To date Baker has stuck by the eight managers he picked at the outset. He says he is happy with how they have all fared, even those who have underperformed. “The large-cap growth fund managers are at the top of the leaderboard, whereas the more value-orientated stockpickers are at the bottom over the two-year period. If they all outperformed there would be a style bias, which is what we do not want.”
He adds he is more likely to add another manager rather than replace an existing one, but he stresses that each manager has been selected for the ability to add value and will ultimately have to back that up with performance.
But Alliance Trust’s shareholders have no way of knowing how each individual manager has performed over a given time period, as the information is not made available, not even in the annual report. This goes against the current regulatory pressure that is being put on fund managers to be more transparent with investors.
Baker says keeping the fund managers’ performance figures between himself and the board should be seen as a strength. “We do not think it is in the interests of the underlying investors to know the performance of each individual manager. The reason we don’t disclose the performance of underlying managers is because we do not want to fall into the trap of one of the biggest problems in the fund management industry – short-termism. It is not because we do not want to be held to account.”
Baker adds that Alliance Trust offers shareholders “full transparency” in terms of the performance of individual holdings. He does not see the advantage of putting the fund managers “under added pressure” by telling shareholders how they have performed.
While some shareholders may disagree with that approach and would like to know how the managers are performing, the one thing the vast majority will no doubt want to continue is a rising dividend: Alliance Trust boasts a track record of 52 consecutive years of income growth.
To keep the record up last year Alliance Trust dipped into reserves, but Baker is keen to stress this is nothing to be concerned about. “If we took the same amount from the reserves every year, it would take 25 years before the pot was exhausted. There’s over £100 million in reserve, so it is not something that remotely worries me at all. The progressive dividend policy will continue.”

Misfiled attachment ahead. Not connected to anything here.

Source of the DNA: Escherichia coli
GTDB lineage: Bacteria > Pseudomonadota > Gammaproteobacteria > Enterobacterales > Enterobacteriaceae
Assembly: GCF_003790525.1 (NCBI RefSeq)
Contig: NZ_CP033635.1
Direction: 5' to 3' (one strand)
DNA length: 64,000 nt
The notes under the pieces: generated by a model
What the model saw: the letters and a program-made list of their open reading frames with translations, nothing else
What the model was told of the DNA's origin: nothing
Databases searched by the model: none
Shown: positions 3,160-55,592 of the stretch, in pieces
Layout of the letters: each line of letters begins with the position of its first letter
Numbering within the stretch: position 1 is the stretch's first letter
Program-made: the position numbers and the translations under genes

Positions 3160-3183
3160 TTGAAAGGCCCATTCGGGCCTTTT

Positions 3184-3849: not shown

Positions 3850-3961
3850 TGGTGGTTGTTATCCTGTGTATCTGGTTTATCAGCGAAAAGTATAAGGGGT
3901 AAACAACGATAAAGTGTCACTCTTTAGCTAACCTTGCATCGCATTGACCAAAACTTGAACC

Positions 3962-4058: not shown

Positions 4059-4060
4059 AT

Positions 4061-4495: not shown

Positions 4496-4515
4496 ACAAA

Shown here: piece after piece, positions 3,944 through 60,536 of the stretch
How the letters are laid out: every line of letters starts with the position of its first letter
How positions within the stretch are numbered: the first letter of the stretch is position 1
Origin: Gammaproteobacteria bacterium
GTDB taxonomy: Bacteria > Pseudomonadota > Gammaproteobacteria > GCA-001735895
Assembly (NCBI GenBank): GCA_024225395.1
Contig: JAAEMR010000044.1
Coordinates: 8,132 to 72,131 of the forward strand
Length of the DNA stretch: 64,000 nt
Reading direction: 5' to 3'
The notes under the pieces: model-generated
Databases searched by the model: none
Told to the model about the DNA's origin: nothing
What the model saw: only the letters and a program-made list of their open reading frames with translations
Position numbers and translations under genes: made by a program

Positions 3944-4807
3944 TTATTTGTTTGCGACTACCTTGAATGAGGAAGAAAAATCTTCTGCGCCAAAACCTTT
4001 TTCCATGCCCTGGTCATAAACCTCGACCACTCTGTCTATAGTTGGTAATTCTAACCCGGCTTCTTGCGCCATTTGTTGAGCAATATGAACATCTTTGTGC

He adds that the low overall net yield of the trust, at 1.8%, reflects the stockpickers he employs finding high-yielding stocks expensive in general. However, if the level of natural income generated by the portfolio remains low in future years, Baker says he could always introduce a manager to focus purely on income.
Overall, Alliance Trust is making progress, and the multi-manager structure seems a good fit with its retail investors as it allows them to access a collection of fund managers investing in particular ways different from the ways they normally manage money. An added bonus is that some of the fund managers Alliance Trust employs cannot be accessed by UK investors elsewhere.
In addition, the low ongoing charge, 0.65% a year, stacks up well against its two biggest multi-manager trust rivals (see below for further analysis). Compared to open-ended multi-manager funds, where charges typically range from 1.5% to 1.75%, all three are much cheaper.
Ultimately, though, whether a fund is deemed cheap or expensive, the ultimate proof is in the performance pudding, and in Alliance Trust’s case the jury is still out on whether “best ideas” from these eight fund managers will translate into index-beating returns on a consistent basis. If this is achieved it will help attract a new generation of investors – something it and other investment trusts need to achieve in coming decades in order to survive.
How the two big rivals compare
F&C celebrated its big 150th birthday last year and with it came a name change, relegating ‘Foreign & Colonial’ to the history books. Paul Niven, who took over in 2014, has proved himself a worthy successor to Jeremy Tigue. The trust makes use of internal managers, but also draws in external managers, notably HarbourVest and Pantheon for the trust’s private equity exposure. According to broker Winterflood, on a five-year view its net asset value performance has been broadly in line with the FTSE All World index benchmark, but with lower volatility. The ongoing charges figure is the same as Alliance Trust’s at 0.65%.
Since the appointment of Andrew Bell in 2010, Witan’s performance has markedly improved, outperforming its benchmark in seven of those years; but last year was one to forget, with its net asset value return falling 8.4% versus a 6.5% decline for its benchmark.
Bell has made sweeping changes to make Witan more actively managed. Like Alliance Trust, some of the 10 external managers are familiar names such as Artemis and Lindsell Train, whereas others will be less familiar: Lansdowne Partners and Pzena. Bell also runs his own segment of the portfolio, which comprises around 10% of assets. The ongoing charge is slightly higher than its two rivals, at 0.75%, and there’s also a performance fee.